Through Worf’s Y-chromosome we can trace his father’s ancestry back to where dogs and people first became friends. This map helps you visualize the routes that his ancestors took to your home. Their story is described below the map.

Haplogroup

A1a

Haplotype

H1a.8

Map

A1a

Worf’s Haplogroup

Some of the wolves that became the original dogs in Central Asia around 15,000 years ago came from this long and distinguished line of male dogs. After domestication, they followed their humans from Asia to Europe and then didn't stop there. They took root in Europe, eventually becoming the dogs that founded the Vizsla breed 1,000 years ago. The Vizsla is a Central European hunting dog, and all male Vizslas descend from this line. During the Age of Exploration, like their owners, these pooches went by the philosophy, "Have sail, will travel!" From the windy plains of Patagonia to the snug and homey towns of the American Midwest, the beaches of a Pacific paradise, and the broad expanse of the Australian outback, these dogs followed their masters to the outposts of empires. Whether through good fortune or superior genetics, dogs from the A1a lineage traveled the globe and took root across the world. Now you find village dogs from this line frolicking on Polynesian beaches, hanging out in villages across the Americas, and scavenging throughout Old World settlements. You can also find this "prince of patrilineages" in breeds as different as German Shepherds, Golden Retrievers, Pugs, Border Collies, Scottish Terriers, and Irish Wolfhounds. No male wolf line has been as successful as the A1a line!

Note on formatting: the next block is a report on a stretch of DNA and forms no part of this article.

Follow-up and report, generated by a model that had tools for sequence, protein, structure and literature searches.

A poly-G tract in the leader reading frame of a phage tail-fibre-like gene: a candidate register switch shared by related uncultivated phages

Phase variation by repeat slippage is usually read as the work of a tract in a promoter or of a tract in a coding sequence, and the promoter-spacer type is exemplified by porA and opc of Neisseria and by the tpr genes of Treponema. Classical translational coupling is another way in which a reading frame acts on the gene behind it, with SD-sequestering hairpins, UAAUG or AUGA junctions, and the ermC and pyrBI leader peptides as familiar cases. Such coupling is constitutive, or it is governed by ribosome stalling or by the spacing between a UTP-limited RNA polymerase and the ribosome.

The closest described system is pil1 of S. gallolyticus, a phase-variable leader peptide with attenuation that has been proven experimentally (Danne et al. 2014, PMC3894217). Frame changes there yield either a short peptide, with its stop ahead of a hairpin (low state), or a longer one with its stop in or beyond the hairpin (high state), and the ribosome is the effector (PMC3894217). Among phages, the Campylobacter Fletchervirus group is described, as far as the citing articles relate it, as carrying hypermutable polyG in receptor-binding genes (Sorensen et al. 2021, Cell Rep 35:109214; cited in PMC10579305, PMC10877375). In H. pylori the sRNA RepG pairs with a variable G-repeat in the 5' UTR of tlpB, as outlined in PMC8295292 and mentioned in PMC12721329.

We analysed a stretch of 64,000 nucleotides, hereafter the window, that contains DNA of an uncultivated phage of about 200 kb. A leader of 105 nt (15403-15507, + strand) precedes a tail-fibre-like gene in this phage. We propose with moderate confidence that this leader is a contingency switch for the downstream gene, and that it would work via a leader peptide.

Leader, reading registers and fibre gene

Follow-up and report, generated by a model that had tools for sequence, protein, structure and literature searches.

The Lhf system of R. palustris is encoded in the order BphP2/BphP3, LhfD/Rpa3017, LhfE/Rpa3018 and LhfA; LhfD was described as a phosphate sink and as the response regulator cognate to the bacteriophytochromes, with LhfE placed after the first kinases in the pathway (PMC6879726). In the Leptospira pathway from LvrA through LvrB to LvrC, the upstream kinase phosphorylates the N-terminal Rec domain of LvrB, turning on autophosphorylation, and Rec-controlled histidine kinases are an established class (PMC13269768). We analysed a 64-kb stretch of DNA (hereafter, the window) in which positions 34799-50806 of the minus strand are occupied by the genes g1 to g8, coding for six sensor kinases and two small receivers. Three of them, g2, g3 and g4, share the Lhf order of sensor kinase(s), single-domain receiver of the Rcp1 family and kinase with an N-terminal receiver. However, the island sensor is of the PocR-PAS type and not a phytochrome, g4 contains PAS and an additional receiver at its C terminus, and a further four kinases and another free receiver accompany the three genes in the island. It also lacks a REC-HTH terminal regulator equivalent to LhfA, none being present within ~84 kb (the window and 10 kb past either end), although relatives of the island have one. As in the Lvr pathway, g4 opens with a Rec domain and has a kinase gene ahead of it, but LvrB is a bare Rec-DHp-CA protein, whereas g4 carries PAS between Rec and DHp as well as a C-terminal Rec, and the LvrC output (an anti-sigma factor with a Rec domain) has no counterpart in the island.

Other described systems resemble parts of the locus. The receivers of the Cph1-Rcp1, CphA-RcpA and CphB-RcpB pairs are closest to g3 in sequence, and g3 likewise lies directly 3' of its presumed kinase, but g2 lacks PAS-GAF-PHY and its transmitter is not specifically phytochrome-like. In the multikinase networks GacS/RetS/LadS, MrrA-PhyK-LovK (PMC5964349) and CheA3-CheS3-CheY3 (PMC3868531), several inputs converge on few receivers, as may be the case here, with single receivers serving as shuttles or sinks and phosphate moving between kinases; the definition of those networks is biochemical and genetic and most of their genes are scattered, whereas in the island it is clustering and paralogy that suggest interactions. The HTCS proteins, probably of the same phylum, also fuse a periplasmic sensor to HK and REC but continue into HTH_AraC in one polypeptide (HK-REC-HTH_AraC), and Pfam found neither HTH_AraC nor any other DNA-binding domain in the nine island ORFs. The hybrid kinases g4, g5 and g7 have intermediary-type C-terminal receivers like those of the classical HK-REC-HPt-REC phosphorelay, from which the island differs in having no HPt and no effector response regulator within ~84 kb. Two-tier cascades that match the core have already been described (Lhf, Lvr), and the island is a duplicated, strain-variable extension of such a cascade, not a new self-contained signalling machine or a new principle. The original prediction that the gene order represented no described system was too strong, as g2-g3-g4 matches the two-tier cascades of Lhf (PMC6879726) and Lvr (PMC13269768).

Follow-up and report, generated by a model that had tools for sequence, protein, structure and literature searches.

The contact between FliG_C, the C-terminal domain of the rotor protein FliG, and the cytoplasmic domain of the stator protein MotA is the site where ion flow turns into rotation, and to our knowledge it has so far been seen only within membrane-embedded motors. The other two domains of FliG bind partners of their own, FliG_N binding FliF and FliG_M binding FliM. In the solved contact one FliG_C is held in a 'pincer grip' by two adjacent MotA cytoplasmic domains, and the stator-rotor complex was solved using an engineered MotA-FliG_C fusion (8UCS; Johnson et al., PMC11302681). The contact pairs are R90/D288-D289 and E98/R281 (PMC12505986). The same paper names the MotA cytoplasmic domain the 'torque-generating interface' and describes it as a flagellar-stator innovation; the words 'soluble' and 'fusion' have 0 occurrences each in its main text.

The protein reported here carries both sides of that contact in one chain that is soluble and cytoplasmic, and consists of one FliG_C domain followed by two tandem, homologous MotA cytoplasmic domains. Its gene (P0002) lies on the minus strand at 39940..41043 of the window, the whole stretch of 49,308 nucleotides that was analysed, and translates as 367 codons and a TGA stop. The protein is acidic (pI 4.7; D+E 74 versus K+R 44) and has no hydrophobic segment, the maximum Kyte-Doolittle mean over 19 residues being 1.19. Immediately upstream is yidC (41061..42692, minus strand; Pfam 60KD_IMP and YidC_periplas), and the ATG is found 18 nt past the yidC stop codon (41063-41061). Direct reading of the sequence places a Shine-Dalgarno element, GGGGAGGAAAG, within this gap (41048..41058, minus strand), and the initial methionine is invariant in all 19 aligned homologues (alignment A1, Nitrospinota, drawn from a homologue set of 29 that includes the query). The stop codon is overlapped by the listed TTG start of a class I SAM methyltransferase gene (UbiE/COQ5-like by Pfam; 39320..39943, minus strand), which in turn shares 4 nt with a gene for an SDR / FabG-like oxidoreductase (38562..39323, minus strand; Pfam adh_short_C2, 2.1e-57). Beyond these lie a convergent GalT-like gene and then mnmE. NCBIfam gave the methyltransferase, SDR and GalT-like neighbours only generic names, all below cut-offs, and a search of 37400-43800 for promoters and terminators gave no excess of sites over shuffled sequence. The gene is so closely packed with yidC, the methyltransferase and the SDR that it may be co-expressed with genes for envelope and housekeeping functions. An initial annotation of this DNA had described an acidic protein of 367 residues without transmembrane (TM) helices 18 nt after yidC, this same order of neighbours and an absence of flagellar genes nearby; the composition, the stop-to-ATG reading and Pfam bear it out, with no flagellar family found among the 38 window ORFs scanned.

H1a.8

Worf’s Haplotype

Part of the large A1a haplogroup, this very common haplotype occurs in village dogs throughout the world (including southeast Asia, which is uncommon for A1a’s). Among the 25 breeds we see this haplotype in, it occurs most frequently in Labrador Retriever, Vizsla, and English Springer Spaniel.

Some other Embark dogs with this haplotype:

Dogs with A1a lineage travelled during European Colonial times.